The keys to excellent leadership at all levelsBY RAED S. HADDAD
Leadership is becoming increasingly complex not just in Singapore. Leaders need to be mindful and respect various cultural, societal backgrounds, market differences and expectations of their fellow employees. The business environment today also brings together a culmination of social and economic circumstances, which challenge responsibilities, roles and competency among leaders.
Managing Expectations: The Changing Competencies of Front-Line Leaders
The mobile workforce is just one example of where there may be a growing gap between the expectations of the employee and the requirements of the organisation and its leaders. Frontline leaders are caught in the middle and will need skills and support to reconcile the imbalance.
Social media may also be a platform for managers to leverage and connect with their teams as it enables the ordinary individual his/her share of voice, allowing ideas and opinions to be tweeted and posted without restriction. However, relying solely on technology for communication is not recommended and most certainly, not to be used as a substitute for personal face-to-face relationships.
Coaching and Collaboration for Team Alignment
Coaching and collaboration are key tools for engaging social-savvy workers, and leaders and department heads need to help employees translate their expectations from their online interactions such as blogs and twitter into the workplace through an informal peer review process. It is also possible to use the same technique at work to engage ideas, validate opinions and gather solutions.
It is highly recommended for frontline leaders to be developed through coaching and training programmes that elevate skills from transaction-based client interactions to experienced-focused service.
Building Informal Leaders in a Flat Organisation
When employees resign and teams get smaller, what is the impact on how work gets done and how teams are managed? Informal leaders, who may not be an ideal fit for the title end up shouldering the responsibility. But, are they prepared? Usually, as they lead by default rather than selection, these informal leaders’ strengths and weaknesses are overlooked and they do not receive adequate training and coaching.
A distinct disadvantage of a flattened organisational structure is the tendency for roles and responsibilities to overlap as resources are distributed. One of the vital ways to get around this is through communication, which helps to avoid duplication of work and the inevitable friction that occurs with blurred responsibilities.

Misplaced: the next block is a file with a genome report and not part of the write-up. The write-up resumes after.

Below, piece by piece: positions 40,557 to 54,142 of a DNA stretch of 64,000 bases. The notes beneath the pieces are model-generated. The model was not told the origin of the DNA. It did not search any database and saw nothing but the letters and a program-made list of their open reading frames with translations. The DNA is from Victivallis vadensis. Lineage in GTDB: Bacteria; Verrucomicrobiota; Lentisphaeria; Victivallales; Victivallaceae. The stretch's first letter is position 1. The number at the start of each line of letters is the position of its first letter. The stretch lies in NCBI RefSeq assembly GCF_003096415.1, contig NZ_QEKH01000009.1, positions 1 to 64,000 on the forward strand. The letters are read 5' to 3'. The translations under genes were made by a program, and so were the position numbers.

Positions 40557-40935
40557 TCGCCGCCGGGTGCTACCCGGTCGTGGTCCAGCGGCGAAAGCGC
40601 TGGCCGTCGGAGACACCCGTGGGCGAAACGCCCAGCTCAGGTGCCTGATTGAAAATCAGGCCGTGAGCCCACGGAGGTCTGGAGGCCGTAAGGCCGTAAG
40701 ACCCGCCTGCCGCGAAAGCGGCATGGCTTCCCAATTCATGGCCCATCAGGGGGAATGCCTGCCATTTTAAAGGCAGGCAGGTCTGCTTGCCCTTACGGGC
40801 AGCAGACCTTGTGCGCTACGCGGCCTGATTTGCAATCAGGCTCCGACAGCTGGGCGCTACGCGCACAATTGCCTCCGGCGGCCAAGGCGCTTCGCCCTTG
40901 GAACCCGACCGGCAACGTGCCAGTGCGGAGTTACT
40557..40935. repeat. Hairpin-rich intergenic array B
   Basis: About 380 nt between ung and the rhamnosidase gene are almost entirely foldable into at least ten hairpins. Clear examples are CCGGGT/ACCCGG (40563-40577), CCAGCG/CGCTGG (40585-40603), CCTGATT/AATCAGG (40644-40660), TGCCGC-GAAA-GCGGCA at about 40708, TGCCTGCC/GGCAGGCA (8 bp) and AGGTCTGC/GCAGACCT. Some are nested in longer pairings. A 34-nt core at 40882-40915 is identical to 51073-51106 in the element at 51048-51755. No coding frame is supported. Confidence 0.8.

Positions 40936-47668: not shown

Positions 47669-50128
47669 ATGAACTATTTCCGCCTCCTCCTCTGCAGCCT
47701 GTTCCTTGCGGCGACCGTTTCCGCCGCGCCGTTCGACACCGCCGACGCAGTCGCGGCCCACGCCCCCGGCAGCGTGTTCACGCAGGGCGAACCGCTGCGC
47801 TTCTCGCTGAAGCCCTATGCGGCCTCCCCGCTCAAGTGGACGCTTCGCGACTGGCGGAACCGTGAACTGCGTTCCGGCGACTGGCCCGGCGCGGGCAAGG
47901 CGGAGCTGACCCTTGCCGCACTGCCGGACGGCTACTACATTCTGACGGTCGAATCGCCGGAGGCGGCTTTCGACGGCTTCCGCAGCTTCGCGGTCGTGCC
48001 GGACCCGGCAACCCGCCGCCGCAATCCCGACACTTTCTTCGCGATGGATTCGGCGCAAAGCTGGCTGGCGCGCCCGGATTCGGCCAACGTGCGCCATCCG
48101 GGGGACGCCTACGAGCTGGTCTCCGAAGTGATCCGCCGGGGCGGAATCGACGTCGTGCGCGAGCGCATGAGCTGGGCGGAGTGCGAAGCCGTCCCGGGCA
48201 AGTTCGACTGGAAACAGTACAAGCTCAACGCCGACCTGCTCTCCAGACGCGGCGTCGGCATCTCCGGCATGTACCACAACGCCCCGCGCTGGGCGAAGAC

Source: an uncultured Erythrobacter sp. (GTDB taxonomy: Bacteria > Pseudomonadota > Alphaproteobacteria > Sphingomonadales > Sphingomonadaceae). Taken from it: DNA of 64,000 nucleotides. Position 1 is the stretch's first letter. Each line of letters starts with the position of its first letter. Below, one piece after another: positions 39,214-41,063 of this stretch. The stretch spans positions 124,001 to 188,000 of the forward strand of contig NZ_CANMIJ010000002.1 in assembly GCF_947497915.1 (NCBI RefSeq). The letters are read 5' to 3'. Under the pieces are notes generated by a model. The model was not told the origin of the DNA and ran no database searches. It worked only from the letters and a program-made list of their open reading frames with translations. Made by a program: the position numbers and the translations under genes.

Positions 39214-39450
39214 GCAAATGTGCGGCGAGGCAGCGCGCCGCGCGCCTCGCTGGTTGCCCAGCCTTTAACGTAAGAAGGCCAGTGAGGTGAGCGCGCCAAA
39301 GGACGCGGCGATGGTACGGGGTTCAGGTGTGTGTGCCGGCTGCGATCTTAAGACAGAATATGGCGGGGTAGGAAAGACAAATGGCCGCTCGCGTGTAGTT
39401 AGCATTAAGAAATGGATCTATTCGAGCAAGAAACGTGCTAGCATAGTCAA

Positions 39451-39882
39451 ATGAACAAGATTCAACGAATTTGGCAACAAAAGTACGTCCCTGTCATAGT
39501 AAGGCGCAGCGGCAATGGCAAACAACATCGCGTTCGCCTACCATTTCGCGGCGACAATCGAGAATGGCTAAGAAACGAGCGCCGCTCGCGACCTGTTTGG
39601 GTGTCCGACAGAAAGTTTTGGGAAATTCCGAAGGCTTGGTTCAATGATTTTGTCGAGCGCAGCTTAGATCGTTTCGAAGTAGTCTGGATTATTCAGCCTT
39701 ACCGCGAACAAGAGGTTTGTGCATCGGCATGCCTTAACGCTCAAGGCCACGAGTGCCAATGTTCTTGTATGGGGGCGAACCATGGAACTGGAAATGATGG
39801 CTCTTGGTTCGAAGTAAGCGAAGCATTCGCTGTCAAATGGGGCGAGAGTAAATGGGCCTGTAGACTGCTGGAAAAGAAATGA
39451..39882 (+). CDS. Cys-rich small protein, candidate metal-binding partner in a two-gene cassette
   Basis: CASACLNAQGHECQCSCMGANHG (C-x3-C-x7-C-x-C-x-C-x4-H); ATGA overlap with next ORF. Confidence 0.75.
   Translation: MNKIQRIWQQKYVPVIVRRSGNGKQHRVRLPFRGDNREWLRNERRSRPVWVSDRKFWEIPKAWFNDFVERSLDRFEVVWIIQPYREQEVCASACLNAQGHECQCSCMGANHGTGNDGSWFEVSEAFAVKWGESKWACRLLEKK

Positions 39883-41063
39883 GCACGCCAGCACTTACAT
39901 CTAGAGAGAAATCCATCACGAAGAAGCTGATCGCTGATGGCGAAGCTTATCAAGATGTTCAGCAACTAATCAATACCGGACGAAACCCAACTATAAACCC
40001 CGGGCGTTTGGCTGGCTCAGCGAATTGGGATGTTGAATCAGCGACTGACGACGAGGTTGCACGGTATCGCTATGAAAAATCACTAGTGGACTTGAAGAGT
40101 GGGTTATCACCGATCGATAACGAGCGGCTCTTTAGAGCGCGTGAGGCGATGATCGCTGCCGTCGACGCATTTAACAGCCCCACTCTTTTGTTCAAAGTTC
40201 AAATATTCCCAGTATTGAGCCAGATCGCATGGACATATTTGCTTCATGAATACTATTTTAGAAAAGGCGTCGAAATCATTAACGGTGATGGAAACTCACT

Committing Senior Management to Efficiency
Senior managers should start with efficient business processes and strong project and portfolio methodology. With limited resources, business leaders cannot afford to continue performing the same functions in the same way if they are going to survive in an environment of scarcity. They must be able to discern what is core to the needs of the business, what is secondary and what is non-essential; then redesign functional responsibilities and business processes accordingly.
Project sponsorship and portfolio management are two of the primary functions senior managers fulfill in the process. As a project sponsor, leaders ensure their projects are delivering on their stated objectives, and best practices are being utilised from project planning to project closeout.
As portfolio managers, senior leaders rank and prioritise projects based on the firm’s objectives and then ensure that resources are allocated accordingly. This understanding and utilising of best practices in both of these areas is a critical competency for senior managers in today’s environment.
The Leadership & Development Response
Learning and Development (L&D) organisations will play a critical role in supporting all levels of management as roles, responsibilities and competency requirements shift to meet these evolving challenges.
Frontline leaders are caught in the middle of competing expectations and need strong business acumen, communication skills and a collaborative mindset to clearly understand organisational goals, communicate effectively with their teams and navigate expectations to reach desired business outcomes.
Increasing market demands mean that client facing teams and their frontline leaders will need to be situationally aware and capable of uncovering and meeting customer needs at the critical points of impact.
Informal leaders potentially represent the greatest opportunity for L&D engagement. They quite often go unrecognised and are subjected to trial-by-fire development. Given their neglect and their growing importance in the organisation, many will require foundational leadership development, a better understanding of how to communicate in a matrix environment and a broader understanding of the business.
Raed S. Haddad is Managing Director, Asia Pacific, ESI International. He delivers ESI APAC’s strategic plan in the most effective and efficient manner that serves clients in the region and increases ESI’s presence in markets and expands into new markets. Raed is an in-demand speaker at conferences, events and with executive audiences worldwide. Raed holds a bachelor's degree in Civil and Environmental Engineering and a master's degree in Engineering, both from the University of Rhode Island, Additionally, he holds an MS in Engineering Administration in Project Management & MIS from The George Washington University.